Forgot your password?

We just sent you an email, containing instructions for how to reset your password.

Sign in

  • I'm not a religious person. I tried it once, when I was younger. It didn't work out. Standing in a cold church, as an even colder man demanded that we all sing, kneel, clap, pray to someone who was apparently watching everything I did 24-7.

    Big Brother and all that .... I mean a teenage boy had things to explore in private, so it was never going to work out. Not purely because of the surveillance issue, more because it lacked what I wanted. So, me and religion agreed to split up, move on, see other people/ideologies.

    A very amicable separation.

    I suppose you can call me an atheist, personally I don't like the term. It implies that I am somehow lacking, that I am tinged with negativity, that I am anti something. The word fits me into a system of power in which I am cast as being without. For those with faith, enjoy it, glad the system works for you etc, I prefer my reality without the spectre of the inevitable damnation I would probably face.

    Reality is all subjective as someone once said.

    The reason for this entry was a conversation that I found myself engaged in today. One of those impromptu chats that sidle up to you without announcing themselves. My co-conversationalist and I were engaged in dissecting the merits of Arsenal's tactical approach (football chat folks). At some point, much to my confusion, he brought religion into the conversation. Lamenting how, though religion had been a constant throughout his youth, his own offspring had no interest in going to church with him.

    He then decried, with great conviction, that the fault was the 'fashion of atheism' that 'atheists had made god irrelevant.'

    I was surprised to be counted amongst any group that had made anything irrelevant? I mean, how could I as an atheist make the big-G anything if he is omnipresent, omniscience and omnipotent?

    (I'll ignore the dichotomy that exists within those terms by the way)

    I suppose it was the certainty, the absolute confidence in his statement that provoked me into responding. Normally I would, at a point of conversational discomfort, adopt one of three tactics:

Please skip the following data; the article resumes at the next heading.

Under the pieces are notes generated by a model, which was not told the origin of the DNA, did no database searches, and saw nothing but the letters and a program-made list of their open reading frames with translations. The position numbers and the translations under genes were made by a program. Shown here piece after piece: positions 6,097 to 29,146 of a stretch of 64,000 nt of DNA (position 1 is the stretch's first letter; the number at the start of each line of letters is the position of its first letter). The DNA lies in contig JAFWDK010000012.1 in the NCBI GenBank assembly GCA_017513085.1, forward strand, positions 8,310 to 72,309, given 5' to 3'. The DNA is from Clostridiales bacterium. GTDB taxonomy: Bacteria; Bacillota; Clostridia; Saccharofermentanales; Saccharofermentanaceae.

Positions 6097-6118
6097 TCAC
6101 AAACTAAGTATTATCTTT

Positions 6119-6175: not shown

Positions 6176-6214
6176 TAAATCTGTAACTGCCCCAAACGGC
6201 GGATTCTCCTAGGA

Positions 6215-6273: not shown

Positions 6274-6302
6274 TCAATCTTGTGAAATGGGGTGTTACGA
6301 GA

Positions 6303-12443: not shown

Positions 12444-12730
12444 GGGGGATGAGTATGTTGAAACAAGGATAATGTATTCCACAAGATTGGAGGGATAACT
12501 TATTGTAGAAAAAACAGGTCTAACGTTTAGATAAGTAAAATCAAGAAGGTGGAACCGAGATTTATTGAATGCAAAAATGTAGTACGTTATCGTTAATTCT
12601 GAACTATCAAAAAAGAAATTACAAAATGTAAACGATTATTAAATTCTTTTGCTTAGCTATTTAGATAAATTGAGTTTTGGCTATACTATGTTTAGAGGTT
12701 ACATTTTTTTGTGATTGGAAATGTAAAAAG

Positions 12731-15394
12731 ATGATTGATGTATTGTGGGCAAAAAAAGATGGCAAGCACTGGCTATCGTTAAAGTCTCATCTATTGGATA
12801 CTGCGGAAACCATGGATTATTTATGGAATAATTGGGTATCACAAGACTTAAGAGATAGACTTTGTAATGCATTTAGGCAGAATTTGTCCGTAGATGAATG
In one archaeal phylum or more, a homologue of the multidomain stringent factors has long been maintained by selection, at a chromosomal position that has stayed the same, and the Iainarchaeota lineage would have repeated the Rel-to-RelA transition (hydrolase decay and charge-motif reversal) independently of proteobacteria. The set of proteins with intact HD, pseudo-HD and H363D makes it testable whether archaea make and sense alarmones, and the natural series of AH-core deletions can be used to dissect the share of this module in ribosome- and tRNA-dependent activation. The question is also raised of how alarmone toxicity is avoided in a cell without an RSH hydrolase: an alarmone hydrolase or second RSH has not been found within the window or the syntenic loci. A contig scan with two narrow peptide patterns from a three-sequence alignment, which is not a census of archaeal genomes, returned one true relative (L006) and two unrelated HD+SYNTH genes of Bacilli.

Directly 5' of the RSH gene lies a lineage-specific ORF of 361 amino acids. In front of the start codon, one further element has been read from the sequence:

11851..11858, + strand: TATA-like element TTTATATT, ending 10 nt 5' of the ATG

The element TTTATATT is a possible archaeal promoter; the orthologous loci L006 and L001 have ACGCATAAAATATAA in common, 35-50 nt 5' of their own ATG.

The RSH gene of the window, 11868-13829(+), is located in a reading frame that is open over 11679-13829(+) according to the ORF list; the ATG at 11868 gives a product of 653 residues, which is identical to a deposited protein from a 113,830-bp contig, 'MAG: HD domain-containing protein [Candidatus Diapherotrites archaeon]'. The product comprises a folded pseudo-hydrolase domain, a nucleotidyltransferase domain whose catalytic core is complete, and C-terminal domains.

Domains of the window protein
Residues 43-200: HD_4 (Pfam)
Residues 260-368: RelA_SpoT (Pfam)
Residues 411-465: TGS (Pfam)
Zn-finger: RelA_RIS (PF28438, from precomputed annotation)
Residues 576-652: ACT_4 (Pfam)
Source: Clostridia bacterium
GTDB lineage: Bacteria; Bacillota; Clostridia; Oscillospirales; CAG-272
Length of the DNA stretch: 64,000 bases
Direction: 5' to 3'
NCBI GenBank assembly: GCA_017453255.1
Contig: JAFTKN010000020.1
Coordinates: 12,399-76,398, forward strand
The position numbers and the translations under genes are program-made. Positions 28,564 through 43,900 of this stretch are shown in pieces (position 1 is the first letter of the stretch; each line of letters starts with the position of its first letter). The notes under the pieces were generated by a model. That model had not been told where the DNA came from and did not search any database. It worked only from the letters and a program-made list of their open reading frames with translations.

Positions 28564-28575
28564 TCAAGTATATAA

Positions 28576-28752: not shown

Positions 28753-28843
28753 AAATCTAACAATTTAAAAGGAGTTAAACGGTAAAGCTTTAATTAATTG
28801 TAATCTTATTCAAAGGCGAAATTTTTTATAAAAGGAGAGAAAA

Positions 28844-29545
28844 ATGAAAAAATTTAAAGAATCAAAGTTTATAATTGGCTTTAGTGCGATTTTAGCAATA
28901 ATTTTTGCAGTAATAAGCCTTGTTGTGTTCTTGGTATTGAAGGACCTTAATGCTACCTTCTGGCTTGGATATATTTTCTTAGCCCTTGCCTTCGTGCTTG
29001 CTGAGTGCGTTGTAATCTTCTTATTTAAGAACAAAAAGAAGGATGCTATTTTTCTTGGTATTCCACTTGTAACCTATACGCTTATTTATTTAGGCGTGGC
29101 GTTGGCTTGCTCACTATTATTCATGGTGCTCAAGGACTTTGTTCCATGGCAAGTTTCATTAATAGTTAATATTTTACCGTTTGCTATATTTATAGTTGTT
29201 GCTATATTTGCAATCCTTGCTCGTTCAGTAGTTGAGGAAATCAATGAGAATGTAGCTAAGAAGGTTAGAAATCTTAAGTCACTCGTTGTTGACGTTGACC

(a) Engage lightly.
    (b) Back away, keys suddenly in hand, mentioning something about a, till now unmentioned, doctors appointment
    (c) Let out an uncertain laugh, look up to the sky, tut, then shake my head in a knowing fashion. (the appeasing the mad approach)

    So I answered his question with my own, pondering whether it wasn't atheists to blame but those people who were of faith. Wasn't it the followers themselves that had made their God irrelevant within society?

    I continued, tentatively questioning why anyone would willingly want to believe in a deity who would permit their followers to, for example: demonise loving relationships due to sexual orientation, evoke religious faith as reason enough for acts of terrorism and war, demand people donate their life savings to prove their faith, conceal the abuse of children by the purest of his followers.

    As the words left my mouth I felt my chest tighten, I hadn't meant for them to tumble out like they did. Yet, he listened, then after a moment of contemplation he responded.

    With an uncertain laugh, a shake of his head ....

    ... and a loud tut.
    • Share

    Connected stories:


Collections let you gather your favorite stories into shareable groups.

To collect stories, please become a Citizen.

    Copy and paste this embed code into your web page:

    px wide
    px tall
    Send this story to a friend:
    Would you like to send another?

      To retell stories, please .

        Sprouting stories lets you respond with a story of your own — like telling stories ’round a campfire.

        To sprout stories, please .

            Better browser, please.

            To view Cowbird, please use the latest version of Chrome, Safari, Firefox, Opera, or Internet Explorer.